An estimated 80 percent of people who get infected with West Nile do not experience any clinical symptoms.   But the virus can be a real danger to the young, the old and those whose immune systems are compromised.

Symptoms of the infection include in serious cases high fever, headache, neck stiffness, stupor, disorientation, coma, tremors, convulsions, muscle weakness, vision loss, numbness and paralysis and in milder cases fever, headache, and body aches, nausea, vomiting, and sometimes swollen lymph glands or a skin rash on the chest, stomach and back.

Serious symptoms can last weeks and neurological damage may be permanent while milder symptoms can last as short as a few days and in some cases weeks.

It's believed that mosquito bites are the main source of human West Nile infection. The most effective way to prevent individuals from getting infected with this virus is to avoid exposure to mosquitoes by eliminating mosquitoes and preventing mosquito bites.

The New York City gives the following advice to help people avoid mosquitoes:

    * Use an approved insect repellent containing DEET, picaridin, oil of lemon eucalyptus (not recommended for children under 3), or IR3535.
    * Wear protective clothing such as long pants and long-sleeved shirts, particularly at dusk and dawn when mosquitoes are most active.
    * Make sure windows have screens. Repair or replace screens that have tears or holes.
    * Eliminate any standing water from your property, and dispose of containers that can collect water. Make sure roof gutters are clean and draining properly. Standing water is a violation of the health code.
    * Clean and chlorinate swimming pools, outdoor saunas and hot tubs.  Keep them empty and covered if not in use; drain water that collects in pool covers.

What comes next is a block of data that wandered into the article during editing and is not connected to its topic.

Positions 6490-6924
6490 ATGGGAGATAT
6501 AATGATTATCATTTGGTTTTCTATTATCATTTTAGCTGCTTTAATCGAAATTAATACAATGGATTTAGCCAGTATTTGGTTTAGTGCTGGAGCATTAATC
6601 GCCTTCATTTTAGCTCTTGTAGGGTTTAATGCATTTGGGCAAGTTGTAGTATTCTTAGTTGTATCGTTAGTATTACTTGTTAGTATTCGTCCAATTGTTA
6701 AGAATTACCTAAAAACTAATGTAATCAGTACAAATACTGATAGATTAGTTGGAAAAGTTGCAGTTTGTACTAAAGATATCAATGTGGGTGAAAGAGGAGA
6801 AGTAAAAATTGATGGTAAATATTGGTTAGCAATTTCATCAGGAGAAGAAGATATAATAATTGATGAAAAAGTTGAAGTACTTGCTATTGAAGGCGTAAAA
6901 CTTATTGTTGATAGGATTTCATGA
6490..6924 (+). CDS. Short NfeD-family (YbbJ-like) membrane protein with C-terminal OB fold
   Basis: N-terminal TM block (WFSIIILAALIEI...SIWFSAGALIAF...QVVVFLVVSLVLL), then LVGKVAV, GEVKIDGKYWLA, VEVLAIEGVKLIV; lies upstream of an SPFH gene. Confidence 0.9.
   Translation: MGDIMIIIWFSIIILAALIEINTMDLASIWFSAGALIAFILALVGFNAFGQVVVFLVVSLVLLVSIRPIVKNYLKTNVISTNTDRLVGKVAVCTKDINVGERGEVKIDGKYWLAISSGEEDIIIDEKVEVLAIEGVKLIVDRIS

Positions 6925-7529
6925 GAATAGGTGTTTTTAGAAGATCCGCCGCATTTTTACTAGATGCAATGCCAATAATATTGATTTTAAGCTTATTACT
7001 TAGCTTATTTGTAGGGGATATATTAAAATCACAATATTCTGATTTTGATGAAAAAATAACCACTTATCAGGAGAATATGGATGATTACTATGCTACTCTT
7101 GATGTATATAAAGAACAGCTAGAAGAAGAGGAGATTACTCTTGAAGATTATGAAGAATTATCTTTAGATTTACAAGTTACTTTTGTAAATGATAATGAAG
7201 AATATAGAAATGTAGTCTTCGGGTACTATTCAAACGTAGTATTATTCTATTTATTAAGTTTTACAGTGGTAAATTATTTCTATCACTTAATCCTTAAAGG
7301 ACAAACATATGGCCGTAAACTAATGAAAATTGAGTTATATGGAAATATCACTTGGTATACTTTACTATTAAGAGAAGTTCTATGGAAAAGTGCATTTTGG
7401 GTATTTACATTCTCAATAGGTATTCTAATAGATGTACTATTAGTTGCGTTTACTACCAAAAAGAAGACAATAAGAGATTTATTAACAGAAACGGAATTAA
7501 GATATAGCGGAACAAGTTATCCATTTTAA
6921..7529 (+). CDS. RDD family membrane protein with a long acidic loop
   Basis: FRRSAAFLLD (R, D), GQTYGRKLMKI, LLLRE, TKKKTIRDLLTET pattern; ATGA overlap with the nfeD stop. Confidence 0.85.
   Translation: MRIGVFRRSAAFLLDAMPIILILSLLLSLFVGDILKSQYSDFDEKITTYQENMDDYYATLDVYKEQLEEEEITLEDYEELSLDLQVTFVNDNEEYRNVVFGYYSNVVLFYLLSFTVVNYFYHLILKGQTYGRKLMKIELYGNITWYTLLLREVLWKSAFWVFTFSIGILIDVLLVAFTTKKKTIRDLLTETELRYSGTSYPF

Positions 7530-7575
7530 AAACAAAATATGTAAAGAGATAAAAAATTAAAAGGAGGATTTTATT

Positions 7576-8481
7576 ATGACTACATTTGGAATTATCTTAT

© 2004-2008 by foodconsumer.org unless otherwise specified

Top of Page




Google
 
Web foodconsumer.org

Search Consumer-friendly Health Sites












We have moved to Food Consumer . Org



disclaimer | advertising | jobs | privacy | about us | newsletter | Submit news/articles
link partners: | Buy Viagra | MarketAmerica.com |
Buy a home | Auto Insurance | Mortgage refinancing | DaytonaCPA.com | Take Your Blog to a Higher Level
© Copyright 2004 - 2008 foodconsumer.org All rights reserved

Disclaimer: What's published on this website should be considered opinions of respective writers only and foodconsumer.org which has no political agenda nor commercial ambition may or may not endorse any opinion of any writer. No accuracy is guaranteed although writers are doing their best to provide accurate information only. The information on this website should not be construed as medical advice and should not be used to replace professional services provided by qualified or licensed health care workers. The site serves only as a platform for writers and readers to share knowledge, experience, and information from the scientific community, organizations, government agencies and individuals. Foodconsumer.org encourages readers who have had medical conditions to consult with licensed health care providers - conventional and or alternative medical practitioners.